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Old 01-29-2018, 12:09 PM
 
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Originally Posted by granpa View Post
But what they achieved was with science and technology, and in spite of their religion, not because of it.
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Old 01-30-2018, 04:48 AM
 
Location: Buffalo, NY
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Quote:
Originally Posted by jbgusa View Post
The OP subject includes the words "as we know it." Sodom and Gomorrah were civilizations; would you wan to live in either place?
The antebellum South was a monotheistic civilization; would you want to live there?

Civilization 'as we know it' could be argued to only have evolved/emerged over the past 50-60 years. Monotheism has little to do with it. Greek/Roman ideals were more influential in the development of later civilizations than anything else.
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Old 01-30-2018, 07:13 AM
 
Location: Minnesota
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This is a trick question, though I'm not saying that was necessarily the intent of the OP.

Civilization as we know it is a culmination of all the various elements which were involved in its development. That includes the devolution of the Republican Roman into Imperial Rome. The divine right of kings. The Inquisition. Colonialism and the systematically destruction of native peoples. The United States as we know it was created, in part, by slavery. Japan as we know it was created, in part, by Imperial Japanese expansion.

The trick in the title is that it implies that these things were necessary for those developments - ie, to develop a civilization in general - and are thus good (or, at least, to be accepted as necessary) that we might live in a 21st-century type civilization. Of course, that is not so. Civilization has pinballed around a lot on its way here. It's undertaken and experienced a great many things that define the precise way it is but that were not necessary to get to the general level of civilization that we currently enjoy.

Finally, the 'cause' in the title is all wrong. Monotheism was a shaping element of modern civilization as we know it, not some sort of catalyst for it.
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Old 01-30-2018, 08:25 AM
 
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Originally Posted by TRANSPONDER View Post
But what they achieved was with science and technology, and in spite of their religion, not because of it.
That's a nice guess. But it doesn't hold up.

The people who had religion in this list falls into three categories:

  1. Those whose religion was only incidental (you'll see a few here that they don't bother to mention it, because while they attended regularly, and weren't vocal about how the church was bad or something, it didn't seem to be a big part of things). You don't tend to find many of these prior to about the late 18th or early 19th century. What this tells me is that science was once considered a subset of religion, and possibly the church acted as a sort of "review board". In fact, Albertus Magnus is named the "patron saint of scientists." If science and religion were really mutually exclusive, explain to me how there could be such a thing. There couldn't.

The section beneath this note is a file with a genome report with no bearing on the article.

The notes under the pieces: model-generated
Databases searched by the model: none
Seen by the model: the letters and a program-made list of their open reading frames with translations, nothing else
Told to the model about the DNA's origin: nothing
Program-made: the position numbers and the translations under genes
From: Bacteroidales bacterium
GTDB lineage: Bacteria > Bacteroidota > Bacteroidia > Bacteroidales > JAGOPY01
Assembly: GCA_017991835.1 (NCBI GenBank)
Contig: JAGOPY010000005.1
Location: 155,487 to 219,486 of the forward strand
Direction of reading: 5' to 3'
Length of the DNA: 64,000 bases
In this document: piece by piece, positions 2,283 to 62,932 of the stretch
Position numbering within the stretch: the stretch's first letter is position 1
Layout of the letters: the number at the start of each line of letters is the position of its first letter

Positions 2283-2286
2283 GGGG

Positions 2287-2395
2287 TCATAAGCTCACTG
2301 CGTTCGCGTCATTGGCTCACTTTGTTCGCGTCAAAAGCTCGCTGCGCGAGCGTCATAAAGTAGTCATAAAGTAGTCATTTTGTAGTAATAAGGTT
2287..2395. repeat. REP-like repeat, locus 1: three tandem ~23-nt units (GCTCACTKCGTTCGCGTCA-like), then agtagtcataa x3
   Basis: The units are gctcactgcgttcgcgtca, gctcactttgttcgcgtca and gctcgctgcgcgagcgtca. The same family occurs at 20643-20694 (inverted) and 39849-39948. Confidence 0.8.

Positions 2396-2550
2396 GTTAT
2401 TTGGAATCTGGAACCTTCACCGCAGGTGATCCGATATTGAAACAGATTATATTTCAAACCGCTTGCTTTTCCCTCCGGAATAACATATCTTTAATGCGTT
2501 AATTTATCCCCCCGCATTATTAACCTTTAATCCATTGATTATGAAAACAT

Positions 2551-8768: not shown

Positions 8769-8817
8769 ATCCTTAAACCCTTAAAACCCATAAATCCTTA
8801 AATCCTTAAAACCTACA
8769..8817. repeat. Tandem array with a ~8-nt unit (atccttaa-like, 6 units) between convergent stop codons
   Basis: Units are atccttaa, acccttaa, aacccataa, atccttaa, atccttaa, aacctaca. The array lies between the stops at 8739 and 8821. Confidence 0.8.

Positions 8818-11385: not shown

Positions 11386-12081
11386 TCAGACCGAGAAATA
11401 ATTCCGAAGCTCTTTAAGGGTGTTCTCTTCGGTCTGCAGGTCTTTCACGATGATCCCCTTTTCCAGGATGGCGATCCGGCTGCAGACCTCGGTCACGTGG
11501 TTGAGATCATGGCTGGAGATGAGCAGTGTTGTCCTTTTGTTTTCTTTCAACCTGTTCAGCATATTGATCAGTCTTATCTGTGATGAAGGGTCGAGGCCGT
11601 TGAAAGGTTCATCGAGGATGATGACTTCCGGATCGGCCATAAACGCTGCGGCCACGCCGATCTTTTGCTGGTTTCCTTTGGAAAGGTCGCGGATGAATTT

2. Those who had contributions in both science and religion. For example: Blaise Pascal (who contributed to science, math, and theology), Isaac Newton (made contributions to gravity, also privately was a Rapture nut), Stephen Hales (designed a type of ventilation system, a means to distill sea-water, ways to preserve meat, etc. Also an Anglican curate (curate is a rank of priesthood)), Michael Faraday (church elder, discussed relationship of science to religion, also a number of things to do with electromagnetism), Mendel (father of genetics, also preached an apparently famous sermon about Christ's appearance on Easter as a priest)
  3. Those whose faith bolstered their science and vice versa. For example: Robert Boyle (who argued that the study of science could improve glorification of God, and perhaps you've heard about him in chemistry class) and here's another one Georges Lemaître (creator of the Big Bang theory, whose theory was based on the creation)
There are people here who were the first to split atoms (Ernest Walton), people who made strides in genetics (mentioned some of them already, but there are more), people who invented the laser (Arthur Leonard Schawlow), people who invented scientific or mathematical constants (Boyle's law, Planck's constant, etc.), medicine (had a transplant? Thank Joseph Murray who helped set up transplant surgery, or how about Ben Carson neurosurgeon who separated conjoined twins at the head (the very same who was a presidential candidate)), and all sorts of things that made the world what it is today (Fred Brooks: IBM OS/360, Raymond Vahan Damadian: the MRI machine, Larry Wall: Perl programming language).

But by all means, I'm sure you're right, religion was a handicap they struggled to overcome.

It might also interest you to know that not only are religion and science not mutually exclusive but creation and evolution are not either. Denis Lamoureux wrote papers on evolutionary creationism. Just because there are fringe types that don't believe in science does not mean that anyone who is a science major is somehow tainted by it.

Last edited by bulmabriefs144; 01-30-2018 at 08:40 AM..